Note how Harpie & Manny’s cucumber mousse has a lovely even consistency throughout. Our mousse in the Vintage Kitchen, had a two-toned effect with a bright green gelatin ring at the top. Not sure, why this happened but it did give our mousse an extra dose of wiggle.

Overall this recipe was very interesting. It was light, airy and creamy.  Harpie thought it was a breeze to whip up in the blender but found the ingredient interpretation a bit tricky when it came to the onions. “The directions are challenging to interpret: should we add a slice of a medium onion, or slices of a medium onion? I settled for something in the middle.”

In the Vintage Kitchen we struggled with this same issue, was it one thinly sliced medium onion or one thin slice of a medium sized onion? For the VK version we finely sliced a whole medium onion, but after tasting the finished product, would definitely cut way back on the onion to about one slice. All that onion led to a strong taste which wasn’t terrible just tangy! Having said that, if you are a fan of cold cucumber soup then you would love this recipe. It’s refreshing and summery and pretty in color. The original recipe suggested pairing it with cold poached salmon or trout, which would be really good. It would also be delicious served on of top of smoked salmon and crackers or smashed with avocado on multigrain bread with lemon and fresh herbs. Both Harpie and Manny and the Vintage Kitchen would make this mousse again, experimenting next time with a bit less onion. Harpie thought it made an excellent alternative to lettuce leaf salad.

RECIPE No. 2: JELLIED CHEESE RING SALAD (from the Silver Jubilee Super Market Cook Book, 1955 edition)

 For this recipe, you’ll note that the cheese was left up to interpretation. Marianne and Olivia,  a mother/daughter duo from Redmond, WA used honeyed goat cheese and topped their ring with orchard peaches, prosciutto, and fresh basil.  Very creative!
 

In the Vintage Kitchen, we made our ring salad with Havarti Dill cheese, organic farm eggs and milk and smoked paprika. We also chose not to ring this one since we initially thought about cubing it and serving it on top of crackers. We decorated it with a simple sprig of rosemary and served it on an age appropriate plate made by Garden City Pottery in San Jose, California in 1951.

We loved how Marianne and Olivia added a bevy of extra flavors to their cheese ring, which really opens up the possibilities of offering a sweet or savory appetizer or hors d’oeuvre. In the Vintage Kitchen, we hemmed and hawed over various cheese possibilities (blue, cheddar, gouda, cream cheese, brie, camembert, parm etc etc etc) for this recipe for an entire day before deciding on Havarti dill. There was a lot to consider here as far as color, texture, and taste, and while we had big hopes for it, the jellied cheese turned out to be pretty uninteresting in the flavor department. The Vintage Kitchen version had the consistency of a slightly damp sponge and had absolutely no smell. The combo of the smoked paprika and the dill made it taste sweaty like room-temperature buttermilk or old socks. Definitely not quite what we were expecting!

Marianne and Olivia said their version featuring goat cheese made the ring somewhat grainy, so that wasn’t ideal either.  While they didn’t hate it they wouldn’t rush to make it again. Perhaps it’s easier and more delicious to just eat a piece of cheese, in this case, instead of ringing it in jelly! But here in the Vintage Kitchen, we love a good challenge. We haven’t quite given up on this guy yet. The right cheese and the right mix of spices might yield something magical, so we are going to continue working on this just to see if we can come up with something palatable for football snacking season.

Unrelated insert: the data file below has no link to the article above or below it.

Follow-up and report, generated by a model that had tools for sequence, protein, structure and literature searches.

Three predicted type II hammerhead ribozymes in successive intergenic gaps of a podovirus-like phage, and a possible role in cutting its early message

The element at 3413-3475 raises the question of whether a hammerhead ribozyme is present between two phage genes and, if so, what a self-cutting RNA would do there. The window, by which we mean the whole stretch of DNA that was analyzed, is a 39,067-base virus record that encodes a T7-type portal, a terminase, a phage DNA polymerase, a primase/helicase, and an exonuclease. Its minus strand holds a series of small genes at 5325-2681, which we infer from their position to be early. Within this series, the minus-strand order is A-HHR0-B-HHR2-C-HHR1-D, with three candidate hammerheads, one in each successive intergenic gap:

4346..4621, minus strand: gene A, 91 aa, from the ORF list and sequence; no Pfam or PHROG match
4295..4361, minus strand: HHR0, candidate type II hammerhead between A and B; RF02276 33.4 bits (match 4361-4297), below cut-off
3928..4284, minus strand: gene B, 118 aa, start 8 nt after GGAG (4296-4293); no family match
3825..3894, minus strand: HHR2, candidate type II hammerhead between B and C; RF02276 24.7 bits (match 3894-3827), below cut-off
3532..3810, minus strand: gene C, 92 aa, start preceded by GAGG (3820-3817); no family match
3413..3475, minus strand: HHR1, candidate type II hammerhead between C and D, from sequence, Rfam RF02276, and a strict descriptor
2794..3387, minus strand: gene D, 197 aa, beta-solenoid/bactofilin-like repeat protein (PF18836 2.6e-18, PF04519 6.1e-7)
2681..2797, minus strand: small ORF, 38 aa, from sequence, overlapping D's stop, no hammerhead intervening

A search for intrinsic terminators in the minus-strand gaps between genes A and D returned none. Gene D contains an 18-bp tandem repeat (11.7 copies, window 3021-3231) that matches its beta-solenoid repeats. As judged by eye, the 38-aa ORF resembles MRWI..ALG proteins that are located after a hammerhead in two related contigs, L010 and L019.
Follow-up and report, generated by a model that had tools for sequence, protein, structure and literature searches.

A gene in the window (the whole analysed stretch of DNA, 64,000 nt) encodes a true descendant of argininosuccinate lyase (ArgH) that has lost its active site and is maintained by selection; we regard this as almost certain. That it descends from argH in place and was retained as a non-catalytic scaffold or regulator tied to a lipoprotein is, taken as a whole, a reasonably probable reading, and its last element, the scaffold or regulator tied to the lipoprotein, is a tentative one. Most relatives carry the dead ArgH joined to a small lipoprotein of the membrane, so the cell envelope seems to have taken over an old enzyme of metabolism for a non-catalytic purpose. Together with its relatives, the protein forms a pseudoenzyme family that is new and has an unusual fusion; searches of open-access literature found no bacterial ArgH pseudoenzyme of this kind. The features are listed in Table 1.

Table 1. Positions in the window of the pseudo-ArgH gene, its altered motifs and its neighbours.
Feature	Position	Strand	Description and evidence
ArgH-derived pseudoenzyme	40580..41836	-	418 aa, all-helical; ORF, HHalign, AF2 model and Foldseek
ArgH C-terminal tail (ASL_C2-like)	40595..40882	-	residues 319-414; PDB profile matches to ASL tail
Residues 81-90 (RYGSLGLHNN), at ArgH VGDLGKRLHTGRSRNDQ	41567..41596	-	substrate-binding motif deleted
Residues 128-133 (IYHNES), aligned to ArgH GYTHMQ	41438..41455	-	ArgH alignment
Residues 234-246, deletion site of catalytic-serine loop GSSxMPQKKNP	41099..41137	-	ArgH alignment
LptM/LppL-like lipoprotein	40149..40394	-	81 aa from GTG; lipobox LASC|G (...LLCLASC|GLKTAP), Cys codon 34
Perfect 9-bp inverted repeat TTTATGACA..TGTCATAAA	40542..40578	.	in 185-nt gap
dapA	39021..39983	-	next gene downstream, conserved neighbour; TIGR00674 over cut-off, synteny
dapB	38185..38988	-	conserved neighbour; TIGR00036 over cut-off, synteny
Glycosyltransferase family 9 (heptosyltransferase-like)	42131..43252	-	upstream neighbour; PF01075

RECIPE No. 3: SPANISH CREAM (from the Silver Jubilee Super Market Cook Book, 1955)

Creativity really ruled the roost with this recipe  Harpie and Manny added an elegant drizzle of chocolate sauce and fresh strawberries to theirs.

Marianne and Olivia topped theirs with a dollop of homemade blackberry jam and served it on a gorgeous antique plate.
 

Here in the Vintage Kitchen, we topped our Spanish Cream with the last of this season’s sweet Ranier cherries. We served it on a vintage JAJ Floral Pyrex plate that was made in England in the 1960’s and dusted each piece with a sprinkling of cinnamon.

Each team agreed that the Spanish Cream was by far their most favorite recipe of the three and definitely one to be made again and again. Harpie loved that it was sweet but not too sweet in taste, silky smooth in texture and refreshingly cool in the heat of summer.

Marianne liked the fact that this recipe was made up of a few simple ingredients that turned into an eye-catching, delicious treat. “I think jellied foods first appealed to people because they were pretty and a bit of a novelty. Take the Spanish Cream for example. All you need is milk and a few eggs to make a really special looking dessert. Top it with some fresh berries or jam and you have an elegant dish from ingredients most would have on hand.”

Here in the Vintage Kitchen, we loved that the consistency of the Spanish Cream was light and airy, making it a great dessert choice following a heavier meal. In taste we found it to be most similar to flan or rice pudding but not as dense in texture. Marianne likened it to a cold marshmallow or even a tapioca pudding.  Because of its simple combination of basic ingredients, there is lots of available room to add your own creativity by adding extra flavor enhancers and playing around with the styling, which makes this dessert completely customizable to each cook’s preference.  Next time Marianne and Olivia make it,  they will be experimenting with a coffee version. Harpie and Manny will throw in an extra dose of vanilla and top it with maraschino cherries. And next time we make it in the Vintage Kitchen,  we will be experimenting with a local honey and Greek yogurt version.